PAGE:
Text size

Prime Minister Benjamin Netanyahu does not want Ankara serving as mediator in any future diplomatic negotiations with Syria, in view of the crisis in relations between Israel and Turkey.

On Friday, Israel's ambassador in Ankara, Gabi Levy, officially protested to Turkey's Foreign Ministry about a drama aired on public television in which actors portrayed Israeli soldiers executing Palestinians.

The tensions became a major issue during a meeting between Netanyahu and his visiting Spanish counterpart, Jose Luis Zapatero. During the meeting, Spanish Foreign Minister Miguel Angel Moratinos told Netanyahu that the Turks "will fall in line" if they serve as mediator between Israel and Syria.

Netanyahu said he objects to Turkey resuming its role as mediator and does not see how the country can become "an honest broker" between the two sides.

During Ehud Olmert's tenure as prime minister, Turkey mediated five rounds of talks between Israeli and Syrian officials. Toward the end of Olmert's term the two sides were on the verge of resuming direct negotiations.

At the last meeting between Olmert and Prime Minister Recep Tayyip Erdogan, the Turkish leader called Syrian President Bashar Assad and relayed messages to and from Olmert. But after Operation Cast Lead earlier this year and the freeze in negotiations with Syria, Erdogan said Olmert had stabbed him in the back.

Zapatero and Moratinos had arrived in Jerusalem from Damascus; they told Netanyahu that they were impressed by the Syrian leader's sincerity about the peace process.

"Assad is serious and more responsible," one of them reportedly told him. "He wants dialogue with the U.S. and it is possible to reach an agreement with him." Netanyahu expressed doubts, saying he saw no sign that Assad was serious.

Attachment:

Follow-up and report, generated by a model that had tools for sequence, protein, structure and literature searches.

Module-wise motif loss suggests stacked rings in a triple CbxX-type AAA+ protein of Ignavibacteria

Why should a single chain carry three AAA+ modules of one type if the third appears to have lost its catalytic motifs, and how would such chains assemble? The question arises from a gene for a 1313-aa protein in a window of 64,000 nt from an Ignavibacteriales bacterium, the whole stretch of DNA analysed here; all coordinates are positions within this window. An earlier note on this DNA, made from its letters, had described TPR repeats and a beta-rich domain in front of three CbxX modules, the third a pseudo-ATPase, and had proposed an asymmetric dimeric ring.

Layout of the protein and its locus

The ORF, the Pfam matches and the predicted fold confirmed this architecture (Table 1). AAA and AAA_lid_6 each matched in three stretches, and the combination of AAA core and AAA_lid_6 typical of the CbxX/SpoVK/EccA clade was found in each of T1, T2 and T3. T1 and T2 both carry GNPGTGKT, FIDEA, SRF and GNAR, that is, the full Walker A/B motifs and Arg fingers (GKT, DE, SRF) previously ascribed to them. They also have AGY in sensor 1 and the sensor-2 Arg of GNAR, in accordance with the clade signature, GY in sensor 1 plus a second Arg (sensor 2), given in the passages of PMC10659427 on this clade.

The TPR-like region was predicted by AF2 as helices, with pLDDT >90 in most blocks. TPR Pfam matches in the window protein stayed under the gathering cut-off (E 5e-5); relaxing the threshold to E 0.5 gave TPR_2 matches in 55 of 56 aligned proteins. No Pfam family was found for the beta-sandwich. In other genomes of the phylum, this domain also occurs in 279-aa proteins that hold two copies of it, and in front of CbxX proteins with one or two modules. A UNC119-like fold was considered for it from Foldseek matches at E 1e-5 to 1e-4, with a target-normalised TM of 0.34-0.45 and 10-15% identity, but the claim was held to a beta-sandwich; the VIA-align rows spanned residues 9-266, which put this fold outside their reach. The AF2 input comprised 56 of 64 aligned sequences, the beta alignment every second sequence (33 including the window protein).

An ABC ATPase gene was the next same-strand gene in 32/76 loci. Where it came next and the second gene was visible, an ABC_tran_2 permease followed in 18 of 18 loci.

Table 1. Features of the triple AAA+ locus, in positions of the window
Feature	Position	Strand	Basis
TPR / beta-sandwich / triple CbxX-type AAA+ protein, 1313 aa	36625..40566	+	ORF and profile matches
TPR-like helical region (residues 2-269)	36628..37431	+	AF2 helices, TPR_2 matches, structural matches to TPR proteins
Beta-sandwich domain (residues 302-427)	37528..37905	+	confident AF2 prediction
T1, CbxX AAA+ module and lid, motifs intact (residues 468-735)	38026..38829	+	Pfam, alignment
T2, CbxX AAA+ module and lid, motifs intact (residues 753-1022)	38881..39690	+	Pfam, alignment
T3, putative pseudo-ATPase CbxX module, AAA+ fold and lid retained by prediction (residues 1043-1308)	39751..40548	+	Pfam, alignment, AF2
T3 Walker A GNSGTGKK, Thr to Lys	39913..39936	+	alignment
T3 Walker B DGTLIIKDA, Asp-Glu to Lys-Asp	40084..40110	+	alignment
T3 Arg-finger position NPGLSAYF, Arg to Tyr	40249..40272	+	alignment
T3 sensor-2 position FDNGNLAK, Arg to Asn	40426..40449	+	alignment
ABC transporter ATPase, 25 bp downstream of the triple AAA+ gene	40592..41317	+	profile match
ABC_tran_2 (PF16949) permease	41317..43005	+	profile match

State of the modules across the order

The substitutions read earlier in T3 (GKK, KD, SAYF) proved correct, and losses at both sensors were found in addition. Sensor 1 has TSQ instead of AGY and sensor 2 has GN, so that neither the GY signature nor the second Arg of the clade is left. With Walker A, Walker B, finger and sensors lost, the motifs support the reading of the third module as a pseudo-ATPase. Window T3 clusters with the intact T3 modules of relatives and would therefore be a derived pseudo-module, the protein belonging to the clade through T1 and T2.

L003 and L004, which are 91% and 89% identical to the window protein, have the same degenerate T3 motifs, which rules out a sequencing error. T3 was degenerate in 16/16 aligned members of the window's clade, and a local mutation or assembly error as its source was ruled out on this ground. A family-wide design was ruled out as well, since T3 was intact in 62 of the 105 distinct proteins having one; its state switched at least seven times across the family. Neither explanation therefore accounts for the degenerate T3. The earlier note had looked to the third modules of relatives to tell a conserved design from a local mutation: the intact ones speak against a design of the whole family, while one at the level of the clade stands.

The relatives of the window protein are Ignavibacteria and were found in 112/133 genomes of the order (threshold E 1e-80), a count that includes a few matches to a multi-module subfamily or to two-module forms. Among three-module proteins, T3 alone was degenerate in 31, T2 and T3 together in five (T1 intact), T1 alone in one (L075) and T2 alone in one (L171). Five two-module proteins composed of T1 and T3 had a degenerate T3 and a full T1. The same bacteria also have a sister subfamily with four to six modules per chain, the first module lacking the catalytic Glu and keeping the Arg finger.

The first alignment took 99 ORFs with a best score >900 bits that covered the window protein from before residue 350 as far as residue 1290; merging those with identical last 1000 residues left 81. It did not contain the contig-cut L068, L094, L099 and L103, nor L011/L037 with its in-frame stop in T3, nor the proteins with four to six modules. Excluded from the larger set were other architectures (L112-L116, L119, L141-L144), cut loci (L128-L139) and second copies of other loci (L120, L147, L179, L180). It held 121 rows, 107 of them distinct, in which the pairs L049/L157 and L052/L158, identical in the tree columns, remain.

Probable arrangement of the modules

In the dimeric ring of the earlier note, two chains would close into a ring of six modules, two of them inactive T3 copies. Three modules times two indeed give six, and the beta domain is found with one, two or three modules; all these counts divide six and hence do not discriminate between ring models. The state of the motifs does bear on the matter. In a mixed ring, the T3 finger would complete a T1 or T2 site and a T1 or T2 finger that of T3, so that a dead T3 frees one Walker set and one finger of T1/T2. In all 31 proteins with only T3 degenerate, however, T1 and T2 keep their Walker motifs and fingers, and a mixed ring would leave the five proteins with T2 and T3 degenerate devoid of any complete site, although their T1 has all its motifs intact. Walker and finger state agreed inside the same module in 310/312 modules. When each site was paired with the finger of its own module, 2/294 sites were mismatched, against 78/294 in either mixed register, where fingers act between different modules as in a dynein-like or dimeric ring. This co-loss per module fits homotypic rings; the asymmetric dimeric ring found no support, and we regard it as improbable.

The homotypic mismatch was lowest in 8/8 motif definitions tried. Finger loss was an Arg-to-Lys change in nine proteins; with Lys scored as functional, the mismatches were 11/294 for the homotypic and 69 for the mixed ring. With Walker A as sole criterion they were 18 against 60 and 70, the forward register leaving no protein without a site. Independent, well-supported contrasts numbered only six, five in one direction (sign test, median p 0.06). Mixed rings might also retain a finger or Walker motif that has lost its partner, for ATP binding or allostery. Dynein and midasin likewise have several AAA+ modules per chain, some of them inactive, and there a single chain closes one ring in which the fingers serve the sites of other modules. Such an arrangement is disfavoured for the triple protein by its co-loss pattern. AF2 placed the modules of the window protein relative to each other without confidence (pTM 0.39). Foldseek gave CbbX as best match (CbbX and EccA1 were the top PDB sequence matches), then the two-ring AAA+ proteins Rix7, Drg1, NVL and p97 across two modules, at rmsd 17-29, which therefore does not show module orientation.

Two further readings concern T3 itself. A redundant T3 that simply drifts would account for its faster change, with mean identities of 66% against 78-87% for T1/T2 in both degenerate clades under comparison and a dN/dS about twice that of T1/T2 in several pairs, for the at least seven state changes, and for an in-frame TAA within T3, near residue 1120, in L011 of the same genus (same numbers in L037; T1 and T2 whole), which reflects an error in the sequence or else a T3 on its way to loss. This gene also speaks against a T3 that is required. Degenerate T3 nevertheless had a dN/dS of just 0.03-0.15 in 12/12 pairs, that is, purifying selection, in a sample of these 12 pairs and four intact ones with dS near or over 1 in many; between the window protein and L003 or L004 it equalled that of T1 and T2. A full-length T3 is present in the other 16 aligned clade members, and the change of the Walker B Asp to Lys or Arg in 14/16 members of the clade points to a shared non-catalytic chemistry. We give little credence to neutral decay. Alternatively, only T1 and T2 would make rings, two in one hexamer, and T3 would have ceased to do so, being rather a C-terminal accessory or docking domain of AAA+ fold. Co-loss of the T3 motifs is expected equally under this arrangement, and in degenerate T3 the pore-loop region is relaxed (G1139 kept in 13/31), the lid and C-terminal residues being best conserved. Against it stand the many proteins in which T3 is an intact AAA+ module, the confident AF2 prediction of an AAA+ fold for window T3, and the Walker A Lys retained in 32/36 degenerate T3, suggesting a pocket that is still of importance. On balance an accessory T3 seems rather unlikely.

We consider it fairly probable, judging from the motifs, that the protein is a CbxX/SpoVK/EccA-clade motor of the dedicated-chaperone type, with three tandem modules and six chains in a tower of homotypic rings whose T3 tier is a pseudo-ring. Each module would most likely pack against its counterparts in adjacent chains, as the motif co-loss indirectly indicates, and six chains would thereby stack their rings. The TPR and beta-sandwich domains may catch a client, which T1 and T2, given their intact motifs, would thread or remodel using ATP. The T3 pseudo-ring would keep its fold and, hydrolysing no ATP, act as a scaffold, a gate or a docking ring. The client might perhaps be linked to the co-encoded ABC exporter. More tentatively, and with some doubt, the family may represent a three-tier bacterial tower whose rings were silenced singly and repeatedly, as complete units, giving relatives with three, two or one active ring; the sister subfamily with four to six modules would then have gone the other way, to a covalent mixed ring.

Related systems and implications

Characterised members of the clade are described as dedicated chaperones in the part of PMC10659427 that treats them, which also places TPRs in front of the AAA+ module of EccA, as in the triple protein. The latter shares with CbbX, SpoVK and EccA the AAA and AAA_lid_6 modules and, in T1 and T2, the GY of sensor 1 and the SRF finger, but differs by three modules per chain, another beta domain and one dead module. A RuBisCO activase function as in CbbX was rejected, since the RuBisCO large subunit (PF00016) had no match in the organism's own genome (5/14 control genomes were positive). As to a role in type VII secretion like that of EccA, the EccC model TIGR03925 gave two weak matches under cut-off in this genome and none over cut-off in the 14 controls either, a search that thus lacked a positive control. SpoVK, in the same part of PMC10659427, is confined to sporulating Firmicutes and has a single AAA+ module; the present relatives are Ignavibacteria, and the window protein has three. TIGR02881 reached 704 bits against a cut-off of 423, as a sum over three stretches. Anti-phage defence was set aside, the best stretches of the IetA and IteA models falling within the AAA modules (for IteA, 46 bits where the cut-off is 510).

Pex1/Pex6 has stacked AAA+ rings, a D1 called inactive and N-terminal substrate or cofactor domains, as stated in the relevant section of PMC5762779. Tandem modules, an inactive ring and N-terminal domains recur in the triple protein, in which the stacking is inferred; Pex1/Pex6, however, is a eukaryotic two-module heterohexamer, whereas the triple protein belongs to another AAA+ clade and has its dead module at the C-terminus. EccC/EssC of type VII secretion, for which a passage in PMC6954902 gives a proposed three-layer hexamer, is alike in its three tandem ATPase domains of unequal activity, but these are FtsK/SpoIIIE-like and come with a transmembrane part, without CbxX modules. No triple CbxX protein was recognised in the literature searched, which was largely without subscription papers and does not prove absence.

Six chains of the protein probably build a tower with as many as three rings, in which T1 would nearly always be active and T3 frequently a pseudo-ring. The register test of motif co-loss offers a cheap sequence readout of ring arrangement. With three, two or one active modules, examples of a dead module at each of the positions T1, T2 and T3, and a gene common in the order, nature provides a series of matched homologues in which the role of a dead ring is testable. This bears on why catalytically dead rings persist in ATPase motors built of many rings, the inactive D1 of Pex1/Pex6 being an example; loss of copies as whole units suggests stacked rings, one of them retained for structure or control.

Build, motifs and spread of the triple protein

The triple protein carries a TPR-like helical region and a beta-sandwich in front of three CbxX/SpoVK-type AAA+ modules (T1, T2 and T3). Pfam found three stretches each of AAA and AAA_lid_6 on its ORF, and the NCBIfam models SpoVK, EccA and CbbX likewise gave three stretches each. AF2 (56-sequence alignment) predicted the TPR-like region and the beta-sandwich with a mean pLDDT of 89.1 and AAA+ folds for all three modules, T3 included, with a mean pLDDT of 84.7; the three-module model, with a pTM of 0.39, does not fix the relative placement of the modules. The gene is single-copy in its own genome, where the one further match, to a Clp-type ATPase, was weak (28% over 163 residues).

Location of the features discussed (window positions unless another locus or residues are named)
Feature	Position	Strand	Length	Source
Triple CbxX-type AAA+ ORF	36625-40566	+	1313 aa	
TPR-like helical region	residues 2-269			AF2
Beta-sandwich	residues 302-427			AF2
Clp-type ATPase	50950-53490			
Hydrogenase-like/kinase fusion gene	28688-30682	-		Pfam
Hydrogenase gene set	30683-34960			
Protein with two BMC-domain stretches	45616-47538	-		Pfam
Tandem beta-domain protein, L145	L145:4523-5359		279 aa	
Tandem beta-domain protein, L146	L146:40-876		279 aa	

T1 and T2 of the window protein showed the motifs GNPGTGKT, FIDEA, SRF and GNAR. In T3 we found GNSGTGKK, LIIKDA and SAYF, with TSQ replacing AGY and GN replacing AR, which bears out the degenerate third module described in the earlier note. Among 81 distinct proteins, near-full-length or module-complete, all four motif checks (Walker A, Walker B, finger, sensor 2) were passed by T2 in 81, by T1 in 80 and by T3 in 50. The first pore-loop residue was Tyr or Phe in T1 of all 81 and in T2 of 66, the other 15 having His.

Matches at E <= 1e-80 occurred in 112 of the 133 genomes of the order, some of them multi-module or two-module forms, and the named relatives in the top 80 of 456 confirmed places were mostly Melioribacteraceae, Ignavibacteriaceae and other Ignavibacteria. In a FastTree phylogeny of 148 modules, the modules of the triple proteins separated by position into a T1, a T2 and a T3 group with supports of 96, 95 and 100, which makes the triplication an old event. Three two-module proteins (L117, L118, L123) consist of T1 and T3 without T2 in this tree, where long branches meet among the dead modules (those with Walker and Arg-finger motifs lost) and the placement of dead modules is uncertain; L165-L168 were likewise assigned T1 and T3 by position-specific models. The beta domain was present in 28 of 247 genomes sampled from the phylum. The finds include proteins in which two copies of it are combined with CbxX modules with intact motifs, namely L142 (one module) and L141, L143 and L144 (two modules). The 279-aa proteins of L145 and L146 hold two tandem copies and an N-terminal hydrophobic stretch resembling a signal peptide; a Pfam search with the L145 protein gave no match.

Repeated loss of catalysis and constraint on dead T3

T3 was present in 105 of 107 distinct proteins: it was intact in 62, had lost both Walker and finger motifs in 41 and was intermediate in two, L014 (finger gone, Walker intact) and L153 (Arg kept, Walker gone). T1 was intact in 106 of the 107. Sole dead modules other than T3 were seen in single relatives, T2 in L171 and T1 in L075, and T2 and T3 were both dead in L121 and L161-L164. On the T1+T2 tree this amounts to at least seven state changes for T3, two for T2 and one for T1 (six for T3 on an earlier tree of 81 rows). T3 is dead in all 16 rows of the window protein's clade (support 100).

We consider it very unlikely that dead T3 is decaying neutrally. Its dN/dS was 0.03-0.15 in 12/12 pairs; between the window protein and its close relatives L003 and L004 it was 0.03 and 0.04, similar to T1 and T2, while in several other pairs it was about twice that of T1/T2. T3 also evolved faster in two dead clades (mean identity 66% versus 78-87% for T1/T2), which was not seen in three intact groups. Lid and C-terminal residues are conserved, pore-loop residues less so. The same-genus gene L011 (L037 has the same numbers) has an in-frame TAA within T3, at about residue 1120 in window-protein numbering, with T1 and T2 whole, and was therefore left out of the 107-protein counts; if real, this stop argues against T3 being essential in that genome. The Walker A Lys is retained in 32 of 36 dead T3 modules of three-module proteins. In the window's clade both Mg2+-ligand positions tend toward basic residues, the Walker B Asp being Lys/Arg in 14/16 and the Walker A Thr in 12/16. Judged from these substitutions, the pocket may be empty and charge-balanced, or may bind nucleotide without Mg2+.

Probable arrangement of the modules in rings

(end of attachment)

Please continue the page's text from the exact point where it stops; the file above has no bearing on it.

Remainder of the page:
Political sources in Jerusalem have said in recent days that in view of the growing tension between Israel and Turkey, the U.S. administration has told Turkish diplomats that restoring relations was an American interest.

Deputy Foreign Minister Danny Ayalon said over the weekend that "relations with Turkey are in a difficult state but can be restored with quiet and careful diplomatic efforts."

Israel's ambassador to Ankara lodged an official protest with the Turkish Foreign Ministry during a meeting with the ministry's deputy director for the Middle East. Israel protested against the Turkish television series portraying atrocities against Palestinians by Israeli troops.

"The government and the Israeli people are disappointed and concerned by this series," ambassador Gabi Levy was quoted as saying.

Viewer ratings of the first episode of the series, however, show that interest was low, at 8 percent. "In view of the ruckus in Israel, the ratings of the second episode will rise dramatically," a source at the Foreign Ministry said.

Meanwhile, Turkish Foreign Minister Ahmet Davutoglu said over the weekend that there had been no political intent in broadcasting the series. "The Foreign Ministry does not advise television programming," he said.